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Appellate Jurisdiction

Appeal from the Court of Appeal belize CCJ Appeal No. BZCR2018/001 Between DIONCICIO SALAZAR v THE QUEEN

Reasons for Decision of The Honourable Justices Wit, Hayton, Anderson, Rajnauth-Lee and Barrow

Delivered by
The Honourable Mr. Justice Wit

2019/07/12

All Appellate Jurisdiction Judgments

Original Jurisdiction

Original Jurisdiction CCJ Application No. TTOJ2018/001 Trinidad Cement Limited Claimants And The State of Trinidad and Tobago Defendant And Rock Hard Distribution Limited Intervener And Mootilal Ramhit and Sons Contracting Limited Intervener Original Jurisdiction CCJ Application No. TTOJ2018/002 Trinidad Cement Limited and Arawak Cement Company Limited Claimants And The State of Barbados Defendant And Rock Hard Cement Limited Intervener CCJ Application No. SLOJ2018/001 Between Rock Hard Distribution Limited Claimant And The State of Trinidad and Tobago Defendant And The Caribbean Community Defendant CCJ Application No. BBOJ2018/001 Between Rock Hard Cement Limited Claimant And The State of Barbados Defendant And The Caribbean Community Defendant
RULING Court composed of A Saunders, President, and J Wit, W Anderson, M Rajnauth-Lee and D Barrow, Judges

2019/08/06

All Original Jurisdiction Judgments

Schedule of Court Sittings

Our upcoming sittings.

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  • 02
    May 2, 2019

    10:00 -11:00
    May 2, 2019

    The CCJ will deliver judgment, starting at 10am AST, in this matter where Mr. Renaldo Alleyne was convicted of manslaughter and sentenced to six concurrent life sentences, after 6 young women died when the Campus Trendz Clothing Boutique was firebombed during a robbery. At the Court of Appeal in Barbados, Mr. Alleyne said the life sentences were excessive and further that the trial judge did not consider a discount for his early guilty plea. In dismissing his appeal, the Court of Appeal held that his sentences were neither excessive, disproportionate or wrong in principle, given the gravity of the offence, and that the issue of a discount does not apply to an indeterminate sentence. Mr. Alleyne is now seeking to overturn the decision of the Court of Appeal.

  • 07
    May 7, 2019

    10:00 -13:00
    May 7, 2019

    David Bain, a national of Grenada, alleges that his right to freedom of movement was infringed when he was refused entry into Trinidad and Tobago. Mr. Bain, who is also a citizen of the United States, presented his US passport on arrival from Grenada, but was refused entry by immigration officials after he was questioned about past arrests for narcotics, which he strongly denied. During the incident Mr Bain presented a Grenadian Driver’s Licence and National Identification Card but was nevertheless detained overnight and sent back to Grenada. After granting special leave, the Court ordered a preliminary hearing on certain issues relating to the effect of Mr. Bain presenting his US passport to immigration officials and whether his presentation of a Grenadian Driver’s Licence or National Identification Card was sufficient to establish his Grenadian citizenship for the purpose of invoking the right to freedom of movement as a CARICOM national.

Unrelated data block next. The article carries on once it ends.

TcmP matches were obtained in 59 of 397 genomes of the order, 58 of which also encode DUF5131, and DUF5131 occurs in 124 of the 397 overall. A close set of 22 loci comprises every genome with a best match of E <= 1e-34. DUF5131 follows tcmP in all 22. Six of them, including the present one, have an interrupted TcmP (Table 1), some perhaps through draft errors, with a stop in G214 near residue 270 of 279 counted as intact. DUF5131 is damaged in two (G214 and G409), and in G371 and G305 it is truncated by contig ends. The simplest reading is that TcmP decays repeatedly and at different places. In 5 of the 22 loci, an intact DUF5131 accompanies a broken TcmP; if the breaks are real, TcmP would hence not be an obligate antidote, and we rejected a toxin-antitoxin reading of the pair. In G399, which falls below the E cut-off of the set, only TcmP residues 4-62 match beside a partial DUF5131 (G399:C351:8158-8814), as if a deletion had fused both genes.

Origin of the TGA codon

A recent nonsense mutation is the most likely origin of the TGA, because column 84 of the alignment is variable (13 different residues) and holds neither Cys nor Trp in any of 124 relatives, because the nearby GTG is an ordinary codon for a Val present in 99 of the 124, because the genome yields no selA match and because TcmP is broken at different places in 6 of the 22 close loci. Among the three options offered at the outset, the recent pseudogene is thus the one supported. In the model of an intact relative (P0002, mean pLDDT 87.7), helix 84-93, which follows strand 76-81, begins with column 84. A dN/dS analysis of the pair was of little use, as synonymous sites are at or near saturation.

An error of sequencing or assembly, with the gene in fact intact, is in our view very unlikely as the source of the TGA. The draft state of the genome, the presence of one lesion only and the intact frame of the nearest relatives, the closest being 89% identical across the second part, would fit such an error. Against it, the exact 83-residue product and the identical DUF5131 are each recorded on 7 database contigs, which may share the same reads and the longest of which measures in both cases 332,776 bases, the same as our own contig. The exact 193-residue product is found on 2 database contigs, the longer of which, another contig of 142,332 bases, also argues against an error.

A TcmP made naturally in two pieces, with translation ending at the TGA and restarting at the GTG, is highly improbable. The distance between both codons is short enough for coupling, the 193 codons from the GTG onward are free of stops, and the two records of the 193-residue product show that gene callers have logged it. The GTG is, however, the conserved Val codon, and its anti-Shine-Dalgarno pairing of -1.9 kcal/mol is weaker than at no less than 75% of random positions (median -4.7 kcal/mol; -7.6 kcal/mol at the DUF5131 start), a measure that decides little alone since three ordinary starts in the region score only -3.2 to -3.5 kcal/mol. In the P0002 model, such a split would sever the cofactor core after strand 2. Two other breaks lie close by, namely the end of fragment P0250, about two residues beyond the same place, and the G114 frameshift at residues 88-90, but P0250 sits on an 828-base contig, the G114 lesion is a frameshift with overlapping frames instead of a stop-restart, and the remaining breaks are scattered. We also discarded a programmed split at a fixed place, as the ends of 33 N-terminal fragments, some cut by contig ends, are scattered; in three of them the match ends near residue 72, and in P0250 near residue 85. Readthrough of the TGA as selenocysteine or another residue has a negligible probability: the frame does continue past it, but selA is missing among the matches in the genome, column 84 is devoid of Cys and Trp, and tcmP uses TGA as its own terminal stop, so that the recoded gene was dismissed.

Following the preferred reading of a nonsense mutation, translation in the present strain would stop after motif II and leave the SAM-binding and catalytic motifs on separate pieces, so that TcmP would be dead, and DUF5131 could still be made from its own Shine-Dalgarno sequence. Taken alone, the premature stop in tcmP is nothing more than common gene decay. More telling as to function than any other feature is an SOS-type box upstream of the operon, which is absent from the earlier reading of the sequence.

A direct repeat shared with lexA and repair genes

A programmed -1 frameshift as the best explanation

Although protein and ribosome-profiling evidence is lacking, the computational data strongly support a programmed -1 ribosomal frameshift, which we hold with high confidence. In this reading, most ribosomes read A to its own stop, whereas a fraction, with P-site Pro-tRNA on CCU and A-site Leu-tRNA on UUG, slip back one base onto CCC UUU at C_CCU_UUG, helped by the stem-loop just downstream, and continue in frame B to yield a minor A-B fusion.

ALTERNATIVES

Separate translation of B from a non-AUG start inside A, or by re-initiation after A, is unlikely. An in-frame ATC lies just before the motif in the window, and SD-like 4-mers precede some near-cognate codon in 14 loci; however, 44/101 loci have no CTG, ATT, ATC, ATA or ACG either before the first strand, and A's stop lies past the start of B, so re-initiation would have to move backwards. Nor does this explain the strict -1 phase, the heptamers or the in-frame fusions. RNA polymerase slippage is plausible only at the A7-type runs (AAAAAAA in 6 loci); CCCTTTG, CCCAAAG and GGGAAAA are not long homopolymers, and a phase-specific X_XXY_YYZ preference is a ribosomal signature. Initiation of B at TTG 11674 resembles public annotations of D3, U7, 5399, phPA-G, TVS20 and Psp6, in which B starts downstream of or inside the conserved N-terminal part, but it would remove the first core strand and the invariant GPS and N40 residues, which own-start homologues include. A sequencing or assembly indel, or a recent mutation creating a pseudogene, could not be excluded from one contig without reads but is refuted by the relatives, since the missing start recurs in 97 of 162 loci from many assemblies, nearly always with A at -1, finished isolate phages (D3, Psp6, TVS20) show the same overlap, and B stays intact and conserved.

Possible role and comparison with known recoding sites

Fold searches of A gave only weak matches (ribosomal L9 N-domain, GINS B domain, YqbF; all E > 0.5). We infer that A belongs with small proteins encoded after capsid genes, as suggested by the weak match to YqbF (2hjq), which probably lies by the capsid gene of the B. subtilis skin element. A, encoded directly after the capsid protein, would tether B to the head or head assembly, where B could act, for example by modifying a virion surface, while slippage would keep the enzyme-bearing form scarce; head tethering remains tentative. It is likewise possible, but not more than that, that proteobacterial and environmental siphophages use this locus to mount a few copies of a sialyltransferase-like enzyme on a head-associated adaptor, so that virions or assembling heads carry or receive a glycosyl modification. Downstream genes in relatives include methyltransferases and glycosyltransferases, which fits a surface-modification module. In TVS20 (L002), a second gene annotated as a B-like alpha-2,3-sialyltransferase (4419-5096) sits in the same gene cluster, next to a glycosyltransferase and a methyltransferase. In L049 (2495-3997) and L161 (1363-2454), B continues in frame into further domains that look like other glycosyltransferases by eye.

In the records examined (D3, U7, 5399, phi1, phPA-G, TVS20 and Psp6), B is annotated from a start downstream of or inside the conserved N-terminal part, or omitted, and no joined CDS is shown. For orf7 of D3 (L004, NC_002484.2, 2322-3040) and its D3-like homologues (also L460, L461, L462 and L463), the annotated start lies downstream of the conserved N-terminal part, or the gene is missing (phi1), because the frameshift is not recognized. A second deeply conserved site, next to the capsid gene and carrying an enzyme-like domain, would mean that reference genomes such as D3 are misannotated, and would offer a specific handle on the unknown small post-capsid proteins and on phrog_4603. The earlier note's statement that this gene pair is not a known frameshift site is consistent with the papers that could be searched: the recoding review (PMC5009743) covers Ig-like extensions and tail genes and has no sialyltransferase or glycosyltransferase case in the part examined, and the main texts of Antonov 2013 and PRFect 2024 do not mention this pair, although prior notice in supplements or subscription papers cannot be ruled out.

• 08
    May 8, 2019

    10:00 -14:00
    May 8, 2019

    This is a constitutional appeal brought by Mr. Zulfikar Mustapha who alleges that the President failed to properly exercise his discretion in the appointment of Rev. Justice James Aloysius Patterson as Chairman of the Guyana Elections Commission in breach of Article 161 (2) of the Constitution. Mr. Mustapha was unsuccessful in both the High Court and Court of Appeal and has appealed to the Caribbean Court of Justice.

     

     

     

  • 09
    May 9, 2019

    10:00 -17:00
    May 9, 2019

    On 21 December 2018, 33 of the 65 Members of the National Assembly of Guyana voted in favour of a no-confidence motion which meant that the President and Ministers of Government should resign and that elections must be held within three months. However, the Government later claimed that 34 votes were required and that one of the members who voted in favour of the motion, Mr. Charrandas Persaud, was ineligible to vote because he held dual citizenship. When the matter came before the Chief Justice in the High Court, she ruled that only 33 votes were required. However, on appeal to the Court of Appeal, it was held that 34 votes were required. The matter is now before the CCJ for final determination.

     

     

     

  • 10
    May 10, 2019

    09:00 -15:00
    May 10, 2019

    On 21 December 2018, 33 of the 65 Members of the National Assembly of Guyana voted in favour of a no-confidence motion which meant that the President and Ministers of Government should resign and that elections must be held within three months. However, the Government later claimed that 34 votes were required and that one of the members who voted in favour of the motion, Mr. Charrandas Persaud, was ineligible to vote because he held dual citizenship. When the matter came before the Chief Justice in the High Court, she ruled that only 33 votes were required. However, on appeal to the Court of Appeal, it was held that 34 votes were required. The matter is now before the CCJ for final determination.

     

     

     

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